Literacy paper punctuation



in today's lesson we're going to look at the punctuation section from the Department for Education and Skills literacy paper now in this section we have to make 15 changes to a piece of writing very often it's a letter from a school and that's exactly what it is that we have today we have to make sure that all of the punctuation is correct and there are many missing pieces of punctuation missing punctuation marks so the first one in this extract is is quite easy being honest firstly you can see that this is definitely a question do you have some spare time and we know that because the auxiliary verb do and the subject you are inverted and this is a signal that we are asking a question and so they've got the first one right they've got a question mark right at the end of it now have a look at the next sentence are you willing to give the school a helping hand now again we have the auxiliary verb and the subject they have swapped places it's not you are willing which would just be an ordinary positive sentence it's are you willing so we certainly need a question mark at the end of the sentence but you should be able to see that and you should see that it looks very bare without the question mark and so that's a signal that something is missing and it can't be a full stop because it is a question and we can see that from the start of the sentence so do read each sentence carefully otherwise you could possibly miss that and put a full stop instead now that's cavion on to the main the first paragraph we are looking for volunteers from the community to join us in enhancing the opportunities and experiences of brookdale schools children now there is a mistake in this sentence it's nothing to do with the esses at the end of opportunities and experiences there's no need for any kind of apostrophe here because these are simply plural nouns opportunities experiences and we only use apostrophes to show possession or a mission of a letter in for example don't or haven't you will get an apostrophe where the O has been dropped but there is an apostrophe needed in this sentence and the apostrophe must come right here between the L and the S and the way to understand apostrophes is to think of this this part here book Dow schools children think of it as the children of Brookdale school and that's why the apostrophe must go after the L in Brookdale school not after the S if you put the apostrophe after the S it becomes the children of book Dow schools and we're assuming that there's only one school in fact we don't need to assume we can see that there's only one school because the newsletter belongs to book Dow school and so they've put the apostrophe in the right place up here and we need it again down here to show that the children belong to Brookdale school as well okay let's carry on to the next sentence there are various ways in which you could help as a paired reader okay I've read that a little bit strangely actually because and it's because of the missing punctuation let me read it again there are various ways in which you could help as a paired reader as a sports sports coach I'm going to circle the prepositions here as a paired reader as a sports coach or referee as a chaperone on outings and by sharing a specialist knowledge you have now a circled the prepositions because really these prepositional phrases are telling that you're starting a list you've got the first prepositional phrase in the list the next prepositional phrase and then another one and then another one at the end now because we're starting a list we must have a colon here after help that's what we're missing we're missing a colon there are various ways in which you could help colon as a paired reader is the first item in the list now they're using semicolons to separate the items in the list and that is one of the functions of the semicolon I lit like to think of the semicolon in this function as a super comma it's like a comma but it's used for more complicated lists and usually it's used for lists which have a comma inside them somewhere but this one doesn't and so it's a little bit odd in that sense but that colon definitely needs to be there before the list and then we've got a list of 1 2 3 and then there is a fourth element on the list we've got this by sharing a specialist knowledge you have that's the fourth element on the list and so we definitely need a piece of punctuation here as well we need another semicolon okay because we've got one here we've got one here we need another one here too to make sure that it's clear that by sharing is the next element on the knit list it's not part of the previous element on the list okay let's keep going on to the next paragraph so we've already used a colon we've used a semicolon we've got a question mark there we've also got an apostrophe all of these punctuation marks we go through on our course okay we're gonna go down to the paired reading scheme has been running at Brookdale for two years now this is the word which is a certainly mistake with this word and it's because this word you'll notice that it's always had a capital B before and that's because it's a name we call names proper nouns this book Dale is a proper noun so it needs to be a capital B okay it needs to be the paired running scheme has been running at Brookdale with a capital B for two years comma during which time over 100 children have benefited from the help given to them by volunteers ok that looks ok I can't see any problems there the scheme operates every morning from 9 to 9:30 a.m. helpers elect to come as many mornings that they feel able and full guidance and training are given now I hope you can see here I'm going to use a different color this the scheme operates every morning from 9 to 9:30 a.m. that is an independent clause and this helped us elect to come to as many mornings as they feel able and full guidance and training are given is another independent clause so what that's telling us is that unless there's a mistake and of course there are mistakes we're trying to correct the mistakes we can't have to complete independent clauses just sitting together that would be a run-on sentence if you have that and that is of course a mistake so we need to change this sentence now I mean it's quite easy to miss because they have actually got a full stop here after the a.m. but because of the dot between the a.m. it doesn't look so obvious but it is the end of the first independent clause and so we need to make helpers into a capital letter we need a capital H therefore helpers okay I think the rest of that sentence looks ok so we'll leave the rest of that but the full-stop was already there so that doesn't count as one of the 15 extra punctuation marks that you're putting in but you the capital letter certainly does count ok so let's carry on to the next sentence pupils with sponses have been almost wholly positive now it's hold hold hold our horses there and just look at pupils responses now here we're really talking about the responses of the pupils just like earlier we were talking about the newsletter of Brookdale school and we needed that ' and we talked about the children of Brookdale school and we needed that ' now we're talking about the responses of the pupils and that means we need an apostrophe but the question is of where do we put the apostrophe do we apply the apostrophe before the S in which case it means the response of the pupil or do we put the apostrophe after the S in which case it means the responses of the pupils now of course it is the responses of the pupils and so we must put that apostrophe after the S not before the S this is very similar to the expression well to the the the name parents evening with parents evening we always put the apostrophe after the S and it's because it's the evening of the parents and not the evening of the parent yeah it must be parents evening with the apostrophe right there after the S if you put it before the S then it means the evening of the parent and that's not correct and the same here it's the responses of the pupils not the responses of the pupil and so we put the apostrophe after the S to make that clear okay so the the responses of the pupils have been almost wholly positive one twelve year old recently said however we've then caught I thought I'd never be able to read so that's what the one twelve year old recently said so again we've got two main clauses here this is a main clause pupils have will have been almost wholly positive and this is the second main clause one twelve-year-old recently said I thought I'd never be able to read and the whole rest of the text is what the one 12 year old recently said and so that's telling us that we definitely need a full stop here and if we need a full stop here we need a capital o for one 12 year old so that's another change we needed to change the cap change the small letter into a capital letter we need to add a full stop and also we we need a comma for direct speech we're quoting what the twelve-year-old said and so we do need that comma before the speech that's certainly necessary however I did spot one more mistake here and I think a lot of you out there will have also spotted this mistake even though it's not on the answers for the Department for literacy and skills paper so I think they've missed this one shame on them they should have a hyphen here one twelve-year-old you need a hyphen between year and old and a hyphen between 12 and year because this is a compound noun and these compound nouns when there's no s on the word year they always need hyphens between the 12 the year and the old you need two hyphens there so that's one that the paper missed and that does happen it only shows you that mistakes happen all the time and so that's something else there are really 16 mistakes in this in this piece of text and not just 15 okay so there were a lot of mistakes in that line we had a full stop a capital letter a – and a comma before the part that we're quoting okay let's carry on on to what the twelve-year-old recently said he said I thought I'd never be able to read comma but thanks to mrs. dave davis comma who has been helping me for eight months now that who has this isn't who's in any other sense it's not who is you can't say who is been helping me it must be who has been helping me which means we've emitted a few letters which means we certain need an apostrophe here as well we have to say who's been helping me and we have to add that apostrophe to show that this is who has been helping me for eight months and there's a second point here as well although maybe I'll quickly deal with the other apostrophe through a mission I have just read any missing letters need that apostrophe so there should be an apostrophe between I and the ve to show the omission of the H in the a I've just read but there's one more point on this line and that's we've started a non-defining relative clause something that we study on this court course is defining and non defining relative clauses this is a non-defining relative clause because we're not defining which mrs. Davis it's simply extra information about mrs. Davis which means why we use a comma here but we also need a comma at the end of the non-defining relative clause to show where the main clause starts and the main clause starts here with I have just read The Magician's Nephew and the Silver Chair all on my own so we definitely need that comma in there as well if we look at the last line we've got The Magician's Nephew which all looks good because it's got the inverted commas around the title of the book and we don't need a comma here by the way and it's simply because this sentence reads well without the comma and what I mean is that the object of read is The Magician's Nephew and the Silver Chair and because it runs into the sentence nicely we don't need a comma we can't say that about the previous comma here we can't say one to view or recently said it doesn't finish it doesn't complete the sentence nicely if it's said that very often you drop the comma but we've just said you need that comma in there because it chromatically it doesn't complete the sentence however this one does so there's no comma I've just read The Magician's Nephew a comma and the Silver Chair now look they've missed an inverted comma so we need to put one on this side of the silver chair and also they've only used a little s and this is the name of a book it's a title so we need a capital letter for titles that they are proper nouns and they need capital letters which is why The Magician's Nephew has a capital T a capital M and a capital n so that is the last mistake there we need that capital S but you can see they're testing many different punctuation marks and there is actually a lot of grammar in this small extract that they're testing not just apostrophes but colons semicolons commas dialects bit commas with direct speech sometimes they don't actually have a comma as you can see when we just quote the title because that fits in nicely to the sentence and so it is a difficult paper but as long as you're prepared and you study you revise the usage of all of these punctuation marks you shouldn't actually find it too difficult and anyway please do realize that everybody makes mistakes and so that's why they're missing that – there which definitely has to be there it's there in all of the dictionaries and I think that someone's just made a mistake with this paper anyway thank you for watching I hope you've all enjoyed this short lesson and there will be many more on the literacy literacy paper coming soon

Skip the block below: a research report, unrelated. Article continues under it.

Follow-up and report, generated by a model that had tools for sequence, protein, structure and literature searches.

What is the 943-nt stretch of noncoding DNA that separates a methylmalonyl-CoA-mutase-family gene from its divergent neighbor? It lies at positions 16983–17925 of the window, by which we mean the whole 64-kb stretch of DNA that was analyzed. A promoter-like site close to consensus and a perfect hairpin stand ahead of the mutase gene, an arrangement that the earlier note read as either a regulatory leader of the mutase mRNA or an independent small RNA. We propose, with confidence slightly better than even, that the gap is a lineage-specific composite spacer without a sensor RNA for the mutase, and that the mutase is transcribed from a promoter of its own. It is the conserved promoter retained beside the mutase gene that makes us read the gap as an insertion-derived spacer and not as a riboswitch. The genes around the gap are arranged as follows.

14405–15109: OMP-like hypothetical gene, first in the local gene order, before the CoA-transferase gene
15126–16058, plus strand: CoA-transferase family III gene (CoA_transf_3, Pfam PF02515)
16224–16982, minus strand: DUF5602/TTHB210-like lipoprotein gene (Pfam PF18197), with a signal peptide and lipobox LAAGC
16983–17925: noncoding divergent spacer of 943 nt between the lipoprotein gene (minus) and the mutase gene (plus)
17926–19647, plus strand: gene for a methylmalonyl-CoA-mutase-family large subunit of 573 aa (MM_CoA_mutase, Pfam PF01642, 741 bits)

1 thought on “Literacy paper punctuation”

  1. At 15:40,if the titles of the two books weren't a part of a quote, would be correct to use the the quotation marks instead of the inverted quotations?